BRICS Approve Currency Fund as Bank Start-Up Stalls
China may provide the bulk of the funding for the foreign- currency pool, Russian Finance Minister Anton Siluanov said in an interview today in Durban, South Africa. Negotiators are considering proposals for China to contribute $41 billion, Brazil, Russia and India to provide $18 billion each and South Africa $5 billion, he said.
“The establishment of a self-managed contingent reserve arrangement would have a positive precautionary effect, help BRICS countries forestall short-term liquidity pressures, provide mutual support and further strengthen financial stability,” South African President Jacob Zuma said after leaders from the five nations met in Durban.
The BRICS countries, which have 43 percent of the world’s population and total foreign-currency reserves of $4.4 trillion, are seeking greater financial sway to match their rising economic power.
Emerging markets from Brazil to Turkey have been hit by currency swings as interest rates near zero in the U.S., Japan and Europe fueled foreign investors’ appetite for higher- yielding assets. Brazil’s real has gained 1.9 percent against the dollar this year, while South Africa’s rand has slumped 8.8 percent.
Officials didn’t provide details today on how the currency fund will operate. In October, Brazilian Finance Minister Guido Mantega said the pool will be modeled on the Chiang Mai Initiative, which gives Japan, China, South Korea and 10 southeast Asian nations access to $240 billion of emergency liquidity to shield the region from global financial shocks.
While leaders agreed that a development bank was “feasible and viable,” they failed to provide detail on how it would be funded. The BRICS nations have been studying the viability of the bank for a year. In the run-up to the summit, officials from Brazil and Russia indicated each country could contribute $10 billion.
“We have reached broad consensus,” said Chinese President Xi Jinping said at the summit closing. The agreement on the banks and currency reserve arrangement “will further unlock potential cooperation. BRICS cooperation will help stabilize global economic governance.”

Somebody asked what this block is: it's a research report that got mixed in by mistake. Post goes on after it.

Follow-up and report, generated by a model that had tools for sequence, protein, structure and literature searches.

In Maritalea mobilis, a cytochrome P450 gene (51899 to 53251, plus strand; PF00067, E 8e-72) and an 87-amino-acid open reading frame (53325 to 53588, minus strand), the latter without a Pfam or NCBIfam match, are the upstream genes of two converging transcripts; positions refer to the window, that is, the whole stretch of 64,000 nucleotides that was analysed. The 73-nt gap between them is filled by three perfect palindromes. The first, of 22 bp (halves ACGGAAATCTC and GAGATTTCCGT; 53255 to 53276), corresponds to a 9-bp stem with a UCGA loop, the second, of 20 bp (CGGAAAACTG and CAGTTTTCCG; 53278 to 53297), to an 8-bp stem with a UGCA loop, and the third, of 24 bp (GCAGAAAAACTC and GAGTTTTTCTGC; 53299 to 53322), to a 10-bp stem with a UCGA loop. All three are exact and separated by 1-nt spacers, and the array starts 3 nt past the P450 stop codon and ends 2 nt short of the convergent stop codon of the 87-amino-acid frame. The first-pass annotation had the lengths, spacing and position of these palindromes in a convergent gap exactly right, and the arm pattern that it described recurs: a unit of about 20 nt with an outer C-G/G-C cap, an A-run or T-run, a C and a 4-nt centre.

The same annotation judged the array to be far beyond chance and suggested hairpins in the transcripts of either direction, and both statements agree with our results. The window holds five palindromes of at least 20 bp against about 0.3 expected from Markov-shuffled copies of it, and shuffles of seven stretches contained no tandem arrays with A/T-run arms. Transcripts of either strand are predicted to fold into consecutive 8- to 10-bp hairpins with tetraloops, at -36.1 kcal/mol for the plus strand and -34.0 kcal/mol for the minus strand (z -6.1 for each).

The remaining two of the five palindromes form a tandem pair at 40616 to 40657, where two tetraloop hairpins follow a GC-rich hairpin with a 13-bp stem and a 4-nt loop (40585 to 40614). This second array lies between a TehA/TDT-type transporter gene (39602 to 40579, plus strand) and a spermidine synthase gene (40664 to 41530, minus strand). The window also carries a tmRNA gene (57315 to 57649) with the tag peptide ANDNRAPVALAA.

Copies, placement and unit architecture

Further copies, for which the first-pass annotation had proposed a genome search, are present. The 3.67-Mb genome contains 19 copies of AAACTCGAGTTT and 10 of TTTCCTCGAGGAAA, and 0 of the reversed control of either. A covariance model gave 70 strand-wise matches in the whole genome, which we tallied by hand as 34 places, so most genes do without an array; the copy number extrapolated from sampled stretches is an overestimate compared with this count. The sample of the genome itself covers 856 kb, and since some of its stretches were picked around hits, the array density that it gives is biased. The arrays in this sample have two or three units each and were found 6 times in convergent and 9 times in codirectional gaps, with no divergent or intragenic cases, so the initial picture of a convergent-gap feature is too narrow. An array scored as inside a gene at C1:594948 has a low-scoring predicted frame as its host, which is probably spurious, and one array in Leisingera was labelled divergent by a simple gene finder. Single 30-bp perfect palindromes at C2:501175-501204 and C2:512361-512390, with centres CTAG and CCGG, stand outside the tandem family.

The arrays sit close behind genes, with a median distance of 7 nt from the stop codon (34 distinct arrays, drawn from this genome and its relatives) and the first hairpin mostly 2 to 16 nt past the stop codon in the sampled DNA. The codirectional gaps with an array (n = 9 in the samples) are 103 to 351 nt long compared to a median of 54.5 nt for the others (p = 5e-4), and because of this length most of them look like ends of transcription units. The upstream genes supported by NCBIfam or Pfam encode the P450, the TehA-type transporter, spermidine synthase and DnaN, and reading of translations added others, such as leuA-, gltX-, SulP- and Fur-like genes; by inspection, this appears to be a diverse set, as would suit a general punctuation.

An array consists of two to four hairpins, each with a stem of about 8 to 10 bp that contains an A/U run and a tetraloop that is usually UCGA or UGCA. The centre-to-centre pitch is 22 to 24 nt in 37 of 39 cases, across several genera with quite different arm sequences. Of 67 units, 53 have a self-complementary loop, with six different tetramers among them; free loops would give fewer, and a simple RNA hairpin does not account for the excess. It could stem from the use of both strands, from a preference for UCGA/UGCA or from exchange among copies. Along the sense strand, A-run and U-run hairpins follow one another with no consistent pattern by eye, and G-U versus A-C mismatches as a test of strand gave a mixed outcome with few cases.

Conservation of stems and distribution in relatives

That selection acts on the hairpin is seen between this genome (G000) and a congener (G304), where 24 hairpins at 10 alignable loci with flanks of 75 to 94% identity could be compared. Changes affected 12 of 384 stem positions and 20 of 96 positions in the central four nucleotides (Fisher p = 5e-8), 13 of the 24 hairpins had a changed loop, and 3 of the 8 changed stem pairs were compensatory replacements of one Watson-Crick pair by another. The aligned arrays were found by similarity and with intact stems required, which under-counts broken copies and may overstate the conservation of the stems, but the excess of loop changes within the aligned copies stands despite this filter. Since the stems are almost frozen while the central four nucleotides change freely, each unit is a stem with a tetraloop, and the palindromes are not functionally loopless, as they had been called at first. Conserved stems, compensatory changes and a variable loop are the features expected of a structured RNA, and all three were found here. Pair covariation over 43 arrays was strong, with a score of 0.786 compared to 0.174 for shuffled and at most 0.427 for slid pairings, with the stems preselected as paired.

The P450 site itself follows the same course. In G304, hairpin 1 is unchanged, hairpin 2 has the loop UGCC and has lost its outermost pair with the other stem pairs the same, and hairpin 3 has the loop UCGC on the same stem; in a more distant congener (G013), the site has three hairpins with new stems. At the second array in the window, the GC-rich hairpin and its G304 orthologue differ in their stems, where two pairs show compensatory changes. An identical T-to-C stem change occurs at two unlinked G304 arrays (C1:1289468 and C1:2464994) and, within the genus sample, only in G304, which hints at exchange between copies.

India proposed the bank a year ago amid criticism from developing nations that the World Bank and International Monetary Fund aren’t doing enough to address underdevelopment and Western nations have too much say over their management.
Any new institution is unlikely to achieve much in the near term, said Andrew Kenningham, an economist at Capital Economics Ltd. in London.
“It will not be easy to reach agreement on the bank’s capital contributions and governance structure,” he said in e- mailed comments yesterday. “If and when it gets up and running, it may simply duplicate or substitute for funds led by the Chinese Development Bank.”
Goldman Sachs Asset Management Chairman Jim O’Neill coined the BRIC term in 2001 to describe the four emerging powers he estimated would equal the U.S. in joint economic output by 2020. Brazil, Russia, India and China held their first summit four years ago and invited South Africa to join their ranks in December 2010.
Trade within the group surged to $282 billion last year from $27 billion in 2002 and may reach $500 billion by 2015, according to data from Brazil’s government. Foreign direct investment into the nations reached $263 billion last year, accounting for 20 percent of global foreign direct investment flows, up from 6 percent in 2000, the United Nations Conference on Trade and Development said on its website March 25.
Views differed among BRICS representatives on the total capital for the development bank, with India favoring $50 billion, South African Finance Minister Pravin Gordhan told reporters in Durban. There also wasn’t agreement on voting rights and the share structure, he said.
“A bank like this isn’t established overnight,” Gordhan said. “The fact that in one year you can initiate an idea and get it to a point where you’ve got five different countries saying let’s establish it and having established its feasibility and viability is phenomenal progress which you rarely see around the world.”
Russia’s Deputy Foreign Minister Sergei Ryabkov was more circumspect about the bank, saying it will take some time before it’s created.
“We don’t have disagreements, we have different approaches,” he told reporters in Durban. “It is early to take a formal decision to create the bank now. The devil is always in the detail.”
To contact the reporters on this story: Franz Wild in Johannesburg at firstname.lastname@example.org; Arnaldo Galvao in Brasilia Newsroom at email@example.com; Ilya Arkhipov in Moscow at firstname.lastname@example.org
To contact the editor responsible for this story: Nasreen Seria at email@example.com